Seoul hints of walking away from military information deal with Tokyo

2019.07.19 11:51:40 | 2019.07.19 14:37:54

President Moon Jae-in talks with heads of five political parties at the Blue House on Thursday. (From left) Justice Party’s Sim Sang-jeung, Bareunmirae Party’s Sohn Hak-kyu, Democratic Party’s Lee Hae-chan, Moon, Liberty Korea Party’s Hwang Kyo-ahn and Party for Democracy and Peace’s Chung Dong-young. [Photo by Lee Chung-woo]이미지 확대

President Moon Jae-in talks with heads of five political parties at the Blue House on Thursday. (From left) Justice Party’s Sim Sang-jeung, Bareunmirae Party’s Sohn Hak-kyu, Democratic Party’s Lee Hae-chan, Moon, Liberty Korea Party’s Hwang Kyo-ahn and Party for Democracy and Peace’s Chung Dong-young. [Photo by Lee Chung-woo]

South Korea could walk away from the military intelligence sharing agreement with Japan if the neighboring country pushes on with its trade protectionism against Korea, a senior security adviser suggested.

“The government’s stance for now is to maintain the agreement but it could be reconsidered depending on the situation,” Chung Eui-yong, director of the National Security Office, told Sim Sang-jung, head of the minor opposition Justice Party, when she floated the idea at the Blue House on Thursday during emergency talks with the president and political party leaders.

President Moon Jae-in held a closed-door meeting with the leaders of the five major political parties to discuss Korea’s escalating trade row with Japan.

Tokyo earlier this month tightened exports of three materials that are vital to Korea’s core industries on national security grounds. It also threatened to remove Korea from its white list of countries that enjoy preferential treatment in exports of dual-purpose items and technologies. The change of status would mean as many as 1,100 items would require individual permit from Japanese authorities before heading to Korea.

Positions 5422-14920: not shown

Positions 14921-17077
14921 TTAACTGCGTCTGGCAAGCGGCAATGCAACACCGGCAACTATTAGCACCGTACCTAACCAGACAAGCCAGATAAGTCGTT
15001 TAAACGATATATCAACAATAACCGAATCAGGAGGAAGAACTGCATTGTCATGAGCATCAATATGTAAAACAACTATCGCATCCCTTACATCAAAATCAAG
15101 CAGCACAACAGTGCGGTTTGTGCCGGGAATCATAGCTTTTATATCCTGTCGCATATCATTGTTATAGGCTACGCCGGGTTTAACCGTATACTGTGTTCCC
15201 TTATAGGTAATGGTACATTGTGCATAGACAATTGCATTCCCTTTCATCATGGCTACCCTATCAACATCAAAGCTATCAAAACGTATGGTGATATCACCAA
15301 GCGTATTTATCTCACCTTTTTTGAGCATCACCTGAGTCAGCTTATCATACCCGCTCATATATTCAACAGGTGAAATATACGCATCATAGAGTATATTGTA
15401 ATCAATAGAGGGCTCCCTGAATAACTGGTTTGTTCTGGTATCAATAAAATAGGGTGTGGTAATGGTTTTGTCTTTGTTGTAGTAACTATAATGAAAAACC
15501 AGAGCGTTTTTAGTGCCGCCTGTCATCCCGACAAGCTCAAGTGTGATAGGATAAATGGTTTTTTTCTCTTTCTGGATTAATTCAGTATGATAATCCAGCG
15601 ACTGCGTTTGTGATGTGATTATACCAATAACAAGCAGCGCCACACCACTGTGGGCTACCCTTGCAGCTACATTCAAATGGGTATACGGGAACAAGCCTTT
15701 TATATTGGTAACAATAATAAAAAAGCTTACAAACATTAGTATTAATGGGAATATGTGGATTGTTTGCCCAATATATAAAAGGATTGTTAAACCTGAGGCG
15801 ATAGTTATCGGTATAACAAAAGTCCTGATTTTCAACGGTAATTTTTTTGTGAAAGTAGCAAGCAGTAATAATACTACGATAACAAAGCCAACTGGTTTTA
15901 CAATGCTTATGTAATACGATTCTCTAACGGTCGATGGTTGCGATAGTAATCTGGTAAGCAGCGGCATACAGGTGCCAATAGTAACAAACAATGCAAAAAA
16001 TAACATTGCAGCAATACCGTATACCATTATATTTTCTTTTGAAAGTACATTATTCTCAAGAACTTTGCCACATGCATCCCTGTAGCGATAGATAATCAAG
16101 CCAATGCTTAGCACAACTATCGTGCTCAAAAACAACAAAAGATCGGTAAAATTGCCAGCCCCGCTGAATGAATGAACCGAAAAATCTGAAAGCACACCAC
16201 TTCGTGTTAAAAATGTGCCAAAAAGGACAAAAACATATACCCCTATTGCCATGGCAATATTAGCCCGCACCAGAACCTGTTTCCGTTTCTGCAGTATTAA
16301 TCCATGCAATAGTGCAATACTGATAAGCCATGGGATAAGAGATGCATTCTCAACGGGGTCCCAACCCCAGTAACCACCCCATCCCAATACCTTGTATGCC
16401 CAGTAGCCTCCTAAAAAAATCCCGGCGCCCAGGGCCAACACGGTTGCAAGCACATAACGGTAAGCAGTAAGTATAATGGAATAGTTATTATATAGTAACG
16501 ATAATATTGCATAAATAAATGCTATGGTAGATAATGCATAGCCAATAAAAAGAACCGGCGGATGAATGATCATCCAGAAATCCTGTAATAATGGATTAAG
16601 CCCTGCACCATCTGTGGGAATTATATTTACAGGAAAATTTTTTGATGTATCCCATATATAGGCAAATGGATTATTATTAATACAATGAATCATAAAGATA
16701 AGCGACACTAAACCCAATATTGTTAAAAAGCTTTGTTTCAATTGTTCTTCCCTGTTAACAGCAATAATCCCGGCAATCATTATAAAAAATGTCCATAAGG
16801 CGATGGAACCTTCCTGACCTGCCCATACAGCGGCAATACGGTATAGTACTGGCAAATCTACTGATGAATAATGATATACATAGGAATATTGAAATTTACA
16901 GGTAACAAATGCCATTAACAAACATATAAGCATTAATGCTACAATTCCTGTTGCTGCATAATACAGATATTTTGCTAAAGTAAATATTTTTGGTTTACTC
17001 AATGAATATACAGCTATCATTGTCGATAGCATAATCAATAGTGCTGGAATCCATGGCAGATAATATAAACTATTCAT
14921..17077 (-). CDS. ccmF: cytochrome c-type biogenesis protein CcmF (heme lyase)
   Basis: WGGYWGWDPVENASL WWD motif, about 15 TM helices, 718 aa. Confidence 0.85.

Ko Min-jung, the presidential spokesperson, later reaffirmed that the government`s current position is to keep the military agreement, saying Chung’s comments were meant as Seoul reviewing all possible options if the situation deteriorates. Washington has repeatedly warned against the trade row between its two most important Asian allies spilling over to the security front.

[Photo by Lee Chung-woo]이미지 확대

[Photo by Lee Chung-woo]

South Korea signed a General Security of Military Information Agreement (GSOMIA) with Japan in November 2016 to counter the nuclear and missile threat from North Korea. The deal is automatically renewed every year unless either party gives a 90 days’ notice to terminate it. The agreement is set for renewal on August 24.

President Moon Jae-in also reportedly said in the Thursday meeting that he is “open to sending envoys or holding high-level talks if necessary” but that “they may not be the total solution” to resolving the issue. His remarks implied he has little intention to have a sit-down with Japanese Prime Minister Shinzo Abe for now, casting doubts of a resolution being reached any time soon.

Moon shot down arguments that the government was playing the nationalism card by fanning Koreans’ longstanding resentment over Japan’s 1910-1945 colonial rule. “I do not have negative sentiment towards Japan,” he said, adding that he had even proposed engaging in shuttle diplomacy with Japan to improve bilateral relations.

By Park Yong-beom and Kim Hyo-jin

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